Mincemeat Cookies – Mincemeat and Cookie Recipes

Mincemeat Cookies

Mincemeat cookies? Really? ohh…no, thanks. I don’t really like mincemeat. “You’ll like these,” Erin Merrill said as she nudged the plate across the table a few inches. I resisted for a while. Erin looked from me to the cookies and back again several times, nudging them now and then. “They’re gooood.” Erin’s convincing, and as mom to my favorite little guy, she’s kind of hard to resist.
mincemeat cookies, mincemeat cookie recipe, mincemeat recipe, filled cookie, venison mincemeatShe was right. These cookies are fantastic. There isn’t a lot of mincemeat in this filled cookie so it’s a great recipe for someone who thinks they don’t like mincemeat cookies, or isn’t crazy about mincemeat but doesn’t hate it, to enjoy the cookies. The cookie recipe is Erin’s. The mincemeat recipe is my Mum’s.mincemeat recipe, mincemeat cookie recipe, venison mincemeat, mincemeat cookies

Mincemeat

Mincemeat was made back in the day when refrigeration wasn’t as easy as opening a door on an appliance. Spices were used as a preservative. Mum used basic measurements. The main ingredients are in pounds, the spices in tablespoons. If you want to use a bowl for the measuring container use the same bowl, and adjust the spices to suit the amount of main ingredients.

I store these cookies in the refrigerator because they’re filling so the batch lasts a while. I like to either warm them in the microwave for 10 seconds or leave them on the counter until the reach room temperature.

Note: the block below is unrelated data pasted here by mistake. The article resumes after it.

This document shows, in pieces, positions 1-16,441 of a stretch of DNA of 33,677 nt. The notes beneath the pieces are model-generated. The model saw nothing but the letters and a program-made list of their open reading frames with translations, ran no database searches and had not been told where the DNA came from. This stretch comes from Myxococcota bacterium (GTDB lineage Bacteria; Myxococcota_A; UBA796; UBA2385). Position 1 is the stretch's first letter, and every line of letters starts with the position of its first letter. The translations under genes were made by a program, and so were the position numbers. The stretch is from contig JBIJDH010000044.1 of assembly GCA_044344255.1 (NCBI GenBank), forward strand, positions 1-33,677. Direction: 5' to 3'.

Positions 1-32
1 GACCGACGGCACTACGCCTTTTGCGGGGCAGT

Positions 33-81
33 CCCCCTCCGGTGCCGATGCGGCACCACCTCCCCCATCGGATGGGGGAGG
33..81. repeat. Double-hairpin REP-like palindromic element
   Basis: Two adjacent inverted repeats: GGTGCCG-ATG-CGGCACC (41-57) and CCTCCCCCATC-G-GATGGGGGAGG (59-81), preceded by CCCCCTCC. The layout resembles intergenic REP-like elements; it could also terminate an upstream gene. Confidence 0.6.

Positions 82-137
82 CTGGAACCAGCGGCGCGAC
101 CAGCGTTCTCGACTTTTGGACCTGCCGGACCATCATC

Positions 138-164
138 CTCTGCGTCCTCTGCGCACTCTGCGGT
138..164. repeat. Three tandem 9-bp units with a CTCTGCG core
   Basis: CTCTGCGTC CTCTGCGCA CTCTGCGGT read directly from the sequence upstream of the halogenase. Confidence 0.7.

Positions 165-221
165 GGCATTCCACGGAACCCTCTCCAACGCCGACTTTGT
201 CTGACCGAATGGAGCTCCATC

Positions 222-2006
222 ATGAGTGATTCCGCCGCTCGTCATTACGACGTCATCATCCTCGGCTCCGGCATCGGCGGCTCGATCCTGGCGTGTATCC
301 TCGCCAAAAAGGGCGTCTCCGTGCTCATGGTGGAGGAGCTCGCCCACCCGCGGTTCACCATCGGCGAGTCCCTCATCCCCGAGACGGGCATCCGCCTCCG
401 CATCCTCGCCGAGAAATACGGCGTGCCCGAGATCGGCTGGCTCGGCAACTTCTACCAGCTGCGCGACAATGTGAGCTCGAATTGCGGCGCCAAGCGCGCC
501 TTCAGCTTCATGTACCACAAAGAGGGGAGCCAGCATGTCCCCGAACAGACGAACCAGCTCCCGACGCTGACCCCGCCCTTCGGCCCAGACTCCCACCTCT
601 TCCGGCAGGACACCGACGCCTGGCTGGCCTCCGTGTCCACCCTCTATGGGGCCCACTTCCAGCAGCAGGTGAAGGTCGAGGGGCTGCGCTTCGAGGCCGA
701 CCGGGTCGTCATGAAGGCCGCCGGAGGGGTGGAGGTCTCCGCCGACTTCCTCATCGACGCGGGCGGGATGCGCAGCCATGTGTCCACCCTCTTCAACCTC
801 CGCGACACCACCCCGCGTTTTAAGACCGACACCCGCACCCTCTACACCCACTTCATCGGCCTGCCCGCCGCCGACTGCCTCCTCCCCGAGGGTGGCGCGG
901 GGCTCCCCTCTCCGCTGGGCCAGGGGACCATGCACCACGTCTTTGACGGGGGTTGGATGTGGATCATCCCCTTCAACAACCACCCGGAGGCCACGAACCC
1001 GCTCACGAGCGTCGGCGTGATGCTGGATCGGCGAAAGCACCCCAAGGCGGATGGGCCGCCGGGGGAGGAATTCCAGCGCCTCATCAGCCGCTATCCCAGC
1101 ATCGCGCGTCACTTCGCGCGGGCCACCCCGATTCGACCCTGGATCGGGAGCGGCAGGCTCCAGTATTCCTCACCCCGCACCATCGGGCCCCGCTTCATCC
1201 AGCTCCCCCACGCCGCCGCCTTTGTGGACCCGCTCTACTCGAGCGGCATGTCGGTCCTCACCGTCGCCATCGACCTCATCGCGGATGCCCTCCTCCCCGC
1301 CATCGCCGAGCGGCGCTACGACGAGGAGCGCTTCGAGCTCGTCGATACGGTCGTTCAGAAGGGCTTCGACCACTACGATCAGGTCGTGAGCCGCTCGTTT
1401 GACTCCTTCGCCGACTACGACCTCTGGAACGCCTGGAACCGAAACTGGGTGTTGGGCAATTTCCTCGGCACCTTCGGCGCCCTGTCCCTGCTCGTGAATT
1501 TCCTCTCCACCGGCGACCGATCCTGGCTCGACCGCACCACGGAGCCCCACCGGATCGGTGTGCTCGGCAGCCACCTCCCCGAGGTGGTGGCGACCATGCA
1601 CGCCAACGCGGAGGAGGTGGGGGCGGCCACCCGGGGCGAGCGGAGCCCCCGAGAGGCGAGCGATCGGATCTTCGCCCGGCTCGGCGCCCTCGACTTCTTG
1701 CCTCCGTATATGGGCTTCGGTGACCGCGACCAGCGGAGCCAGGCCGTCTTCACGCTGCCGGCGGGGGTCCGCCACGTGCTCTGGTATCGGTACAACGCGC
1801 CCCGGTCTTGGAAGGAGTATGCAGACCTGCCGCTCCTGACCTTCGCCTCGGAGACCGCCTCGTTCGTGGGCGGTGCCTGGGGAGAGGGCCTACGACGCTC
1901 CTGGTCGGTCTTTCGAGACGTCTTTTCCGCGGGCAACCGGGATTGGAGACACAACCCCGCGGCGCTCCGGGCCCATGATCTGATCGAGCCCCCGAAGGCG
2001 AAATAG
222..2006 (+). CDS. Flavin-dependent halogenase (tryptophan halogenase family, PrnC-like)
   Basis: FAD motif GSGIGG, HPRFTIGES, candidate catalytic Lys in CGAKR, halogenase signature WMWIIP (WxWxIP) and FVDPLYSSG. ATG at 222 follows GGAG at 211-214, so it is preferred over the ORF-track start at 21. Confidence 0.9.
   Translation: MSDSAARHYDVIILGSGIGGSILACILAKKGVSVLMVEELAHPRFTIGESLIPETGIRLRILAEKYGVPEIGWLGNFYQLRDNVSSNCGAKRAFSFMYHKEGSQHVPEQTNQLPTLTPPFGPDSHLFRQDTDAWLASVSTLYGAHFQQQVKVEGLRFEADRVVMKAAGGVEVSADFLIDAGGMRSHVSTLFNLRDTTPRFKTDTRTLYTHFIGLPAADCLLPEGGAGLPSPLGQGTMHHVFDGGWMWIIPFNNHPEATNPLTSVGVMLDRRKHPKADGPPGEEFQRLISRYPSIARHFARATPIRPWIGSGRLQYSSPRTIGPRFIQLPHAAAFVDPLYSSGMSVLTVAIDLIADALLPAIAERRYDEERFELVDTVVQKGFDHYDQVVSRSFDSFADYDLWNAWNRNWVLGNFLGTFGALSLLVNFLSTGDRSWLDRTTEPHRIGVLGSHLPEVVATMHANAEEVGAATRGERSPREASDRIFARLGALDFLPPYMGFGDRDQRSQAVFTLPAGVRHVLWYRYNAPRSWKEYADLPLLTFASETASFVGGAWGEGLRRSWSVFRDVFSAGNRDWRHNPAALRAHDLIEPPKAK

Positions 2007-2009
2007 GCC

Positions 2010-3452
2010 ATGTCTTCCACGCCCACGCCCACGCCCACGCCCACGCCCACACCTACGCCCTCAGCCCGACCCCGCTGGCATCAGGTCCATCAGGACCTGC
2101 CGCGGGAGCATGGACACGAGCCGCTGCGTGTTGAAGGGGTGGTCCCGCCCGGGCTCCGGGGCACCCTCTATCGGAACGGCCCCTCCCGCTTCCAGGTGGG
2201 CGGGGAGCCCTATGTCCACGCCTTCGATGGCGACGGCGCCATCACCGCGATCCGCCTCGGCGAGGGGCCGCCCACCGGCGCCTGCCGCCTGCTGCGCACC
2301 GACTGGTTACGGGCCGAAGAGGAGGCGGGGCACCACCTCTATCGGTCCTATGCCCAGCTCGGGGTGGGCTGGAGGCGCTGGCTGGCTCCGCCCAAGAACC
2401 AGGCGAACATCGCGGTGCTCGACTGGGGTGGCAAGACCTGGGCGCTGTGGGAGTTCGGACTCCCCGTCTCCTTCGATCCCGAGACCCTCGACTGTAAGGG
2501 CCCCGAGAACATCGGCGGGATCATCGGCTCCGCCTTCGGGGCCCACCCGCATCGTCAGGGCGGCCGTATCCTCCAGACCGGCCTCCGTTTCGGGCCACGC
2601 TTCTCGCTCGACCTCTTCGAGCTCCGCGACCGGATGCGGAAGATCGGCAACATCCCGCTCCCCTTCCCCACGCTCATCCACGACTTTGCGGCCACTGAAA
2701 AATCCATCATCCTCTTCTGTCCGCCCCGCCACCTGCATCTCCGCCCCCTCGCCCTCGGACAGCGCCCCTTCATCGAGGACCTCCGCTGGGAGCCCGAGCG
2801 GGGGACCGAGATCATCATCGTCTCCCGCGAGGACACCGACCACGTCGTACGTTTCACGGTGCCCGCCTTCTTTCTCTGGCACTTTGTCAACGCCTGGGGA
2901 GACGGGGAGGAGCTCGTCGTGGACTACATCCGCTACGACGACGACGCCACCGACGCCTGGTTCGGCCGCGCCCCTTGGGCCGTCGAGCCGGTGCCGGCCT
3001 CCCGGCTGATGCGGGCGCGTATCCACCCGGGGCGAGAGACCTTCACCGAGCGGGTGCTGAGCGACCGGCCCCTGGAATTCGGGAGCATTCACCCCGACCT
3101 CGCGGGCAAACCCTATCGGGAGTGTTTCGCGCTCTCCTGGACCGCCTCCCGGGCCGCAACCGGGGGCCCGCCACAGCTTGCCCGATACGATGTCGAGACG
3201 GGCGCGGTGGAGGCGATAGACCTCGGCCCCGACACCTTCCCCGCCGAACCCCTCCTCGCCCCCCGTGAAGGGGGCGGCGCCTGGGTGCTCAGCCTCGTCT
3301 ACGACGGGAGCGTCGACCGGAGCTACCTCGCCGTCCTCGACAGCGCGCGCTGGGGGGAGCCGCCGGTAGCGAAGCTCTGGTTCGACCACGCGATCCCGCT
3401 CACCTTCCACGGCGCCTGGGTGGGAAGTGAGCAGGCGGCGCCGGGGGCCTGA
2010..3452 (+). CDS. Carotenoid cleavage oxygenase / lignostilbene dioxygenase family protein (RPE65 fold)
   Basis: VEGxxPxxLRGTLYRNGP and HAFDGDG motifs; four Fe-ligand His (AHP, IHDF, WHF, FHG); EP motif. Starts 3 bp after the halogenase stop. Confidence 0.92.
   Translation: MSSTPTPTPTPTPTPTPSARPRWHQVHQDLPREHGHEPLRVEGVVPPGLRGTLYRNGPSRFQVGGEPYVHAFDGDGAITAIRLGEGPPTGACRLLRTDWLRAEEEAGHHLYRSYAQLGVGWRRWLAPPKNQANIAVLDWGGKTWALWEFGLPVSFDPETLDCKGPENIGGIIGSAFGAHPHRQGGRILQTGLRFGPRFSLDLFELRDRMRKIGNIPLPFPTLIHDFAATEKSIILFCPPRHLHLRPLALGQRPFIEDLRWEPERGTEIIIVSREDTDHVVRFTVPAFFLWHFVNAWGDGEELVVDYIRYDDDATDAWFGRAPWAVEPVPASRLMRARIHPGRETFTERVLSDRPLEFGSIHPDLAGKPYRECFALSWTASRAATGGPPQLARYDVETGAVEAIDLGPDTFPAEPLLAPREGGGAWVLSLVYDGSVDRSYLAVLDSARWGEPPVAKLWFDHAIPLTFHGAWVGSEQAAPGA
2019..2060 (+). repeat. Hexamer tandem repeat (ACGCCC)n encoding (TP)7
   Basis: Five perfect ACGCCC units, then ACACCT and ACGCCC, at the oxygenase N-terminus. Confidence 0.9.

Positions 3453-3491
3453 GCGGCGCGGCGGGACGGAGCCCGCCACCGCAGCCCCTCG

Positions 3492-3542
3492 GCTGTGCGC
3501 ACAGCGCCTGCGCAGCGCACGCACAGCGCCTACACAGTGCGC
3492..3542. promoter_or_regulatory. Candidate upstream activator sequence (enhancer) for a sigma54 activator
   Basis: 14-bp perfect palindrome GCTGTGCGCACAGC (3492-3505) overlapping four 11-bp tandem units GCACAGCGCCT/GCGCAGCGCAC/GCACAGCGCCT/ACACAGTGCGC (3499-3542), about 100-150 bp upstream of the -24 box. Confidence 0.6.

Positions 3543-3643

strong cup of coffee, erin merrilland a strong cup of coffee

Erin writes a blog called …and a strong cup of coffee. What’s it like to hunt from a woman’s point of view? She shares her experiences from learning with her dad to now hunting with Dad and her husband. Erin recommended me for the spot as co-host of On The Fire, and she’s a great friend, outdoorswoman, and financial supporter of this blog. And seriously, she makes excellent mincemeat cookies.

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Salted Caramel Apple Pie Recipe

Salted Caramel Apple Pie Recipe

Salted Caramel Apple Pie Recipe

Salted caramel apple pie is my new go-to pie for potluck suppers, Thanksgiving dinner, having guests over, and girlfriends’ lunch when it’s my turn to host here on the homestead. Steve takes it to office luncheons.  This pie is rich, sweet and immensely satisfying so you might consider a smaller-than-usual slice. Hahaha…no. Eat the pie. Enjou the pie.

salted caramel apple pie, apple pie, salted caramel, salted caramel sauce recipe, caramel sauce recipe

I am all for kids in the kitchen. Mine started cooking when they were three or four years old. This caramel sauce is not for safe for kids to make. The cold heavy cream hitting the hot syrup will spit and sputter. Adults need long sleeves and oven mitts. Kids need to be away from the stove. They can stir the sauce into the apples when it all cools down and drizzle is over the pie when plating slices. If you want to skip making the caramel sauce you can keep it simple. Go to the store and buy two 12 oz jars of caramel sauce. Warm the sauce and stir in the sea salt. Salted caramel apple pie without salted caramel really isn’t quite right. You will miss the salt in the caramel when you drizzle it over the top crust at serving time.

Apples

I like to use at least two varieties of apples for pie – Honey Crisp and a Winesap. Use what you like best for pies. This recipe is different. You’re going to cook the apples before they go into the crust. You do this so you can mix in the caramel sauce without it flooding the bottom crust. You’ll have no empty air pocket (a result of using apple varieties that aren’t great for baking in traditional apple pie recipes) between the top crust and filling no matter what varieties you use.

salted caramel apple pie, recipe, crust

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Pumpkin Whoopie Pies – Sweet Seasonal Treat

Pumpkin Whoopie Pies – Sweet Seasonal Treat

Pumpkin Whoopie Pies